Reformers

Life of Tyndale Livestream

On Monday, August 29, 2016 at 9:45am I spoke in the Crown College Chapel on the life of Tyndale. The live-stream was recorded and the video is posted below:

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The Life of William Tyndale – Part 10

THE SECOND EDITION NEW TESTAMENT – by Dr. Herbert Samworth   The months after the death of Frith were difficult for Tyndale. Not only did he lose the help of a trusted companion, what did his death communicate about the continued opposition to the Word of God by the English rulers? Although he had been tricked into putting his thoughts on the Eucharist into writing, Frith had stated that the doctrine of the Eucharist was not as important as the doctrine of Christ. In his opinion, freedom was permitted concerning those doctrines about which the Word of God did not speak with absolute clarity. However, for English churchmen what was important was what the Church taught. From that teaching there was to be no deviation. Moreover, how could people be sure that the opinions of the church officials were correct when they were denied access to the Word of God? Thus, Tyndale redoubled his efforts to give the ploughboy the Word of God in a language he could read and understand. There is evidence to indicate that Tyndale continued to translate the Old Testament books. However, the main focus of his work was a thorough revision of the Worms New Testament that had been published eight years before. During those years, Erasmus had published a fourth edition of his Greek New Testament containing readings from the Complutensian Polyglot that was finally published in 1522. In addition, the Worms New Testament had been produced under the most difficult of circumstances after Tyndale and Roye were forced to flee from Cologne. With the relative safety of Antwerp and living in the Merchant Adventurers’ house, Tyndale believed that he had the time to do a thorough revision of the New Testament. In addition a number of the Worms New Testaments had been confiscated and the demand for them remained high. Making the situation even more urgent was that pirated editions of the New Testament began to appear in England. They were printed by Dutch printers who were willing to risk producing New Testaments and smuggling them into England because of the lucrative market. This continued even after one of the Dutch printers was arrested in London, imprisoned and later died. However, what appears to be the main reason for the revision of the Worms New Testament was the printing of the New Testament as it had been “corrected” by George Joye. This...

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The Life of William Tyndale – Part 9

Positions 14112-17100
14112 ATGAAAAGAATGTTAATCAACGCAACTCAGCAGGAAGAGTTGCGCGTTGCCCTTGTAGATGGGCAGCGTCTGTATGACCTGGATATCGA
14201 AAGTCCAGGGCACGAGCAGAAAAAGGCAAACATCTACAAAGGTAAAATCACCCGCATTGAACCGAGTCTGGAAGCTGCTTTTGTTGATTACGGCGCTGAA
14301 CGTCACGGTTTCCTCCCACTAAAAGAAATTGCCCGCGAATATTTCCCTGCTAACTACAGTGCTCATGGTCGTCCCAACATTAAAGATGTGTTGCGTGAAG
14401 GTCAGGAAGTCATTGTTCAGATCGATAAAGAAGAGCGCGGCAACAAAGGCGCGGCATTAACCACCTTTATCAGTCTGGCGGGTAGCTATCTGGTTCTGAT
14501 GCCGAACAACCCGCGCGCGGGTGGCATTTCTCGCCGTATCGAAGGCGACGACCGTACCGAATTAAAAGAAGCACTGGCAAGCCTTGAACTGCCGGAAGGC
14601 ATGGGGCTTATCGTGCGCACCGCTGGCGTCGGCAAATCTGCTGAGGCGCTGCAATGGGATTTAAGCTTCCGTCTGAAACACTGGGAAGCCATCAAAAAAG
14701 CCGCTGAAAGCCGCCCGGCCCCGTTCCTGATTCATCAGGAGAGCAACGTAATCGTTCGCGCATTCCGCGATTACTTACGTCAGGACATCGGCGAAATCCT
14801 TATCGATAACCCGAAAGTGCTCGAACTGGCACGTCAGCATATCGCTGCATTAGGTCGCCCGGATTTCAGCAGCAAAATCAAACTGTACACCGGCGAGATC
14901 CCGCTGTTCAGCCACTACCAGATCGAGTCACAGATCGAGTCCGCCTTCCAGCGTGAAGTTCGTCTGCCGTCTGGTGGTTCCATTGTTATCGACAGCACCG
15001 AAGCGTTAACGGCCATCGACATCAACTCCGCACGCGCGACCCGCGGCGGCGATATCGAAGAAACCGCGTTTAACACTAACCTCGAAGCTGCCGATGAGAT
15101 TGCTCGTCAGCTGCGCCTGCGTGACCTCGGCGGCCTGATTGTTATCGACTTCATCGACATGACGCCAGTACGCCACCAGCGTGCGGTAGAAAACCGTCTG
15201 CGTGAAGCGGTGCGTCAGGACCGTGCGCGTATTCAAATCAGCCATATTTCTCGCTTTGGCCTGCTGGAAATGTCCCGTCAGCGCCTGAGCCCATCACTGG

EVENTS AFTER 1530 – by Dr. Herbert Samworth   Following the printing of the Pentateuch in 1530 we do not know much about Tyndale’s activities for a period of time. There was no doubt that he continued his work of translation. Perhaps this was when he began his translation on the following books of the Old Testament that John Rogers would incorporate in the Matthew’s Bible of 1537. However, there was one book that Tyndale wrote during this time. It was entitled The Practice of Prelates. There are many who are of the opinion that it the one book of Tyndale that we could safely do without because of its subject matter and how it alienated King Henry VIII. Perhaps we can better understand it when we seek to put the larger context before the reader. While the exact location of Tyndale could not be established by the authorities in London, they were well aware of his basic activities. He was also the subject of much discussion and even of disagreement. There were some who were totally convinced that he was a heretic and should be captured and brought back to England to face charges of heresy. Little doubt existed that such a course of action would result in his conviction and death at the stake. However there were others, who while they thought that Tyndale should be brought back to England, had a totally different view of the man. These were the Evangelicals and were convinced that the time was right for an English translation of the Bible. Thus Tyndale, rather than be burned at the stake for heresy, would be employed in the work of Bible translation. At this time it may appear that they were unrealistic in their hopes, but they were able to persuade the King for permission to attempt his recall. They employed a man by the name of Stephan Vaughn to search and make contact with Tyndale. Several letters of Vaughn are extant today that tell of his efforts. In the event, Vaughn was able to make contact and speak with Tyndale about a possible return. Vaughn reported that Tyndale on one occasion said that if King Henry would permit the free circulation of the Scriptures, he promised to return to England, place himself at the King’s mercy, and not do any more translation. However, it was during this time of discussion that...